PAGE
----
"While I refrain from commenting on actions that took place prior to becoming Sheriff, under my leadership, deputies enforce and uphold the law in a manner that is just and properly applied," Hobart Lewis said in a statement. "Anything outside of that is dealt with accordingly. While this case predates my tenure, I respect the Supreme Court's decision."

Lewis took office in 2020, succeeding former Sheriff Will Lewis, who is not related but was in office at the time Jones was arrested. Will Lewis was sentenced to a year in prison for misconduct in office in October 2019 after he coerced his former assistant into an affair.

SC Supreme Court: Greenville man's conviction of interfering with 2018 arrest overturned (3)

White, who represented Jones in his civil case, said that the case was dismissed in early 2022 after the parties reached a resolution that was “satisfactory” to all involved. He said the settlement was in the six-figure range.

“This case was an example of the dangers of the government violating the First Amendment," White said, "and I'm glad that Mr. Jones’ rights were vindicated.”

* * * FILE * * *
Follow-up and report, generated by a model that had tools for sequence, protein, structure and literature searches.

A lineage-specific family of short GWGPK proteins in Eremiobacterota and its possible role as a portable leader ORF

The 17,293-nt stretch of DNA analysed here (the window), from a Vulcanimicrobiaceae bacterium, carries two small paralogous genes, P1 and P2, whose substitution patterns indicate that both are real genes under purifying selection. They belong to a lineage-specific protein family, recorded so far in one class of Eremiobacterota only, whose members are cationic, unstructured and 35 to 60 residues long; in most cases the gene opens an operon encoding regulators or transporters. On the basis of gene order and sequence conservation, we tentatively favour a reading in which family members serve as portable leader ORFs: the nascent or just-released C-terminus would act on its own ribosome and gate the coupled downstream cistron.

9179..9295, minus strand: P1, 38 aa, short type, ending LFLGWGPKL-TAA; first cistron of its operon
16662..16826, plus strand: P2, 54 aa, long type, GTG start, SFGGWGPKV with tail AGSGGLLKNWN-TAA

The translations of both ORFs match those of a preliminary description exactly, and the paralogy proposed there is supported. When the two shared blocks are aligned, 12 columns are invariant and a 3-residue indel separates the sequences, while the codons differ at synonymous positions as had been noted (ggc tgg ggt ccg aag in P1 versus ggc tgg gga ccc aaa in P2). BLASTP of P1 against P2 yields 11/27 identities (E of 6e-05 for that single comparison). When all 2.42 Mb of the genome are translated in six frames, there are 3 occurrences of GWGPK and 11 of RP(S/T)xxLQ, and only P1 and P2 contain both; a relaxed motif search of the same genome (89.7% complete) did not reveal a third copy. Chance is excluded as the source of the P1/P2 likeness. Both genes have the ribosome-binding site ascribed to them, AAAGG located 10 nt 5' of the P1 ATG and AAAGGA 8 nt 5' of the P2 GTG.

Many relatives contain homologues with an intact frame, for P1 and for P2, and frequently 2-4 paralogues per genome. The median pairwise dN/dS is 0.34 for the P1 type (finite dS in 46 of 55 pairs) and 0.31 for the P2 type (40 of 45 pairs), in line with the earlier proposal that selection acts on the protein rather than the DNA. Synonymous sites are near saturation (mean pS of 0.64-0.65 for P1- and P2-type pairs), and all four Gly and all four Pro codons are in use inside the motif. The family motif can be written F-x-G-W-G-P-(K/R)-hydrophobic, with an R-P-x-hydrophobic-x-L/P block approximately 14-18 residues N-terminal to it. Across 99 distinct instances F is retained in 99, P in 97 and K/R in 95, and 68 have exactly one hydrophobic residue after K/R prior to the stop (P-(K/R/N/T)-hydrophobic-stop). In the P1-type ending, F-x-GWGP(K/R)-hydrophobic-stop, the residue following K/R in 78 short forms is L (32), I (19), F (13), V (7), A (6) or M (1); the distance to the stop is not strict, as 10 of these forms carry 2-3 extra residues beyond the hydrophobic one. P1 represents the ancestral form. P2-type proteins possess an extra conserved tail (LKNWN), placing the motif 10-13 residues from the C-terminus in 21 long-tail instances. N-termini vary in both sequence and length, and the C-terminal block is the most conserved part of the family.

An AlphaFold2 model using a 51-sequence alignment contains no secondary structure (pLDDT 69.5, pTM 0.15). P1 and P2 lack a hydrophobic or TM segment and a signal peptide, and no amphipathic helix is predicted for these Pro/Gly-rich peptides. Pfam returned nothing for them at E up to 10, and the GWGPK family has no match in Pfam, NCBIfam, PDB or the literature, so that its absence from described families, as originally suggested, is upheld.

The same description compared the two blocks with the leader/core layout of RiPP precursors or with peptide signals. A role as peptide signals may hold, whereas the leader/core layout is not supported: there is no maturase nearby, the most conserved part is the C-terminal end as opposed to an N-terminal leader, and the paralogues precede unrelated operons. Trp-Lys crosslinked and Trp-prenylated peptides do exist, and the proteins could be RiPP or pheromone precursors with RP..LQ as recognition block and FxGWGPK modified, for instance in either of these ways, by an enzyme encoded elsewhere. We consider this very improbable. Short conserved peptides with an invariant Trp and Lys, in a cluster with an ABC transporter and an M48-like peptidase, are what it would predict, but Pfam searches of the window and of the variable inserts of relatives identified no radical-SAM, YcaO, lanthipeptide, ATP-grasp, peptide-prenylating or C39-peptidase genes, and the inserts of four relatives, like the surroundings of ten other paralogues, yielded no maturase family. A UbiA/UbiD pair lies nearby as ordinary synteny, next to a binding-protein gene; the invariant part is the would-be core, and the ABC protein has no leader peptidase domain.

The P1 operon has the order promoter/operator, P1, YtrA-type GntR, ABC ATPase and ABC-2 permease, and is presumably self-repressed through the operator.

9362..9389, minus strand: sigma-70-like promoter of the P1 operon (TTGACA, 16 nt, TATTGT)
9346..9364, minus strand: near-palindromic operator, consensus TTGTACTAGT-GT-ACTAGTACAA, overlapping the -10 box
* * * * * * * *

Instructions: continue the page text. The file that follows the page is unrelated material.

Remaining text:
Chalmers Rogland covers public safety for the Spartanburg Herald-Journal, Greenville News and USA Today Network. Reach him via email at

SC Supreme Court: Greenville man's conviction of interfering with 2018 arrest overturned (2024)
Top Articles
Latest Posts
Article information

Author: Margart Wisoky

Last Updated:

Views: 5895

Rating: 4.8 / 5 (78 voted)

Reviews: 93% of readers found this page helpful

Author information

Name: Margart Wisoky

Birthday: 1993-05-13

Address: 2113 Abernathy Knoll, New Tamerafurt, CT 66893-2169

Phone: +25815234346805

Job: Central Developer

Hobby: Machining, Pottery, Rafting, Cosplaying, Jogging, Taekwondo, Scouting

Introduction: My name is Margart Wisoky, I am a gorgeous, shiny, successful, beautiful, adventurous, excited, pleasant person who loves writing and wants to share my knowledge and understanding with you.